in Noblewomen, aristocracy and power in the twelfth-century Anglo-Norman realm
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of the source material itself, but examples of other powerful countesses who acted in similar roles to those of the countesses of Chester do show useful patterns in the way that women of comital rank exerted power throughout the female life cycle. C 53 noblewomen and power The Chester evidence The earls of Chester were among the greatest nobles of the Norman and Angevin realms, the high political élite of twelfth-century society. Their power was rooted in extensive land holdings in Cheshire and beyond, which by 1086 consisted of land scattered throughout

in Noblewomen, aristocracy and power in the twelfth-century Anglo-Norman realm
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conflicting, and possibly competing, multiple identities and contexts of power. The following analysis therefore considers BedosRezak’s approach, but also takes account of the wider methodological approaches of Bates, Stafford and Short. Chassel’s study of twelfthcentury French seals attempted to analyse the spread of seals within a framework which took account of specific political and cultural contexts. Thus he saw the spread of seals from the seigneurie to the castellanry in France in, for example, Berry as a product of the internal rivalries within Berry.18 Whilst this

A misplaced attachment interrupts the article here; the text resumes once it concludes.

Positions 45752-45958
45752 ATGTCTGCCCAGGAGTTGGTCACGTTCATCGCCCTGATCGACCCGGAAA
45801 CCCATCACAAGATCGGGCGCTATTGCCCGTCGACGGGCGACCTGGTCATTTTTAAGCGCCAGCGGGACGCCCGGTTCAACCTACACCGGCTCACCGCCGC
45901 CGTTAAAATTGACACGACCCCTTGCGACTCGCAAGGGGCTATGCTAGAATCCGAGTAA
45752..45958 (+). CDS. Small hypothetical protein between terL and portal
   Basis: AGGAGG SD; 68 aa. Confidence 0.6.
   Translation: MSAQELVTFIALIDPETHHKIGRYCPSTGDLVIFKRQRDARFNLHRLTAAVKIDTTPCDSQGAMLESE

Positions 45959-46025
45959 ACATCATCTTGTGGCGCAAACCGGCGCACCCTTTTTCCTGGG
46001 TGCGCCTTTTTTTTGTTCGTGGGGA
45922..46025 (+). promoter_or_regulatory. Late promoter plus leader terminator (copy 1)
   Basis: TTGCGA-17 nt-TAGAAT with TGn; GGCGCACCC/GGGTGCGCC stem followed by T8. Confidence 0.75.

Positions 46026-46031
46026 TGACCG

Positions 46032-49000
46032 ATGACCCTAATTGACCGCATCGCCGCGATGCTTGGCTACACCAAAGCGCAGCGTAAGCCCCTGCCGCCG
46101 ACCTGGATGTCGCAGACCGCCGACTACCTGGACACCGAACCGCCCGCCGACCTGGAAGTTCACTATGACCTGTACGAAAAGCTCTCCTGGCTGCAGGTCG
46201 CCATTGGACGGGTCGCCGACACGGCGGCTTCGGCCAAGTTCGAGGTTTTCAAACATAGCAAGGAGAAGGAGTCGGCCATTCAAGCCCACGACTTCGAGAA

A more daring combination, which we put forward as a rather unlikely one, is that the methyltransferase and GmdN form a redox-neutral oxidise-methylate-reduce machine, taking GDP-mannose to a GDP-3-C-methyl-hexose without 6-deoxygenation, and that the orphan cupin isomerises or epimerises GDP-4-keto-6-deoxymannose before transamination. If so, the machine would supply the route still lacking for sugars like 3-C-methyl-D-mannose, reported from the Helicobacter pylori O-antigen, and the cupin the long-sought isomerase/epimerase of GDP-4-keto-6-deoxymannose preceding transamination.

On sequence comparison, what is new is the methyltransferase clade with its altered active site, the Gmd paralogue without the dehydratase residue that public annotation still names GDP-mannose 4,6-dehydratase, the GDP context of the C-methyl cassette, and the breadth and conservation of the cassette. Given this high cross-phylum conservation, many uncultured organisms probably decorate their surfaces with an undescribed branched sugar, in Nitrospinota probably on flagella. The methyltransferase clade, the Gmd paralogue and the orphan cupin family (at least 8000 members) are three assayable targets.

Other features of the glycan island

in Noblewomen, aristocracy and power in the twelfth-century Anglo-Norman realm
Thinking, feeling, making

the nineteenth century onwards. 7 While current trends for artisanal, hand-made goods could be accused of commodifying both the concept and the products of craftwork, packaging and selling everything from craft beer to home-made candles at high prices, previous craft movements were more explicitly connected to progressive politics. Contemporary ‘craft’ is indebted to the Arts and Crafts movement that emerged in Britain around 1880, but the so-called hipster subculture does not always share the revolutionary spirit

in Dating Beowulf
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of child oblation, a practice of permanent separation between parent and child that occurred around the age of six. Garrison argues that ‘while attachment theory and modern grief studies undoubtedly shed some light on medieval experiences of grief and [early-childhood] separation’, because early English peoples participated in ‘a range of non-parental child-rearing practices’ such as fosterage, court education, and political hostage taking, the findings of contemporary child psychology ‘need to be qualified by attention to differences in [early medieval] family

in Dating Beowulf

, Christianity was organised in ways that were local but nevertheless replicable anywhere: In effect, early medieval Christianity was neither centralized nor systematized. Not a single, uniform cultural package to be adopted or rejected as an entity, it comprised a repertoire of beliefs, social practices, and organizational forms that could be adopted and adapted piecemeal. Thus Christianity jumped from one cultural and political context to another, repeatedly mutating and reconstituting itself in ways that preserved its core features. Differently put, a religion with an

in Nonhuman voices in Anglo-Saxon literature and material culture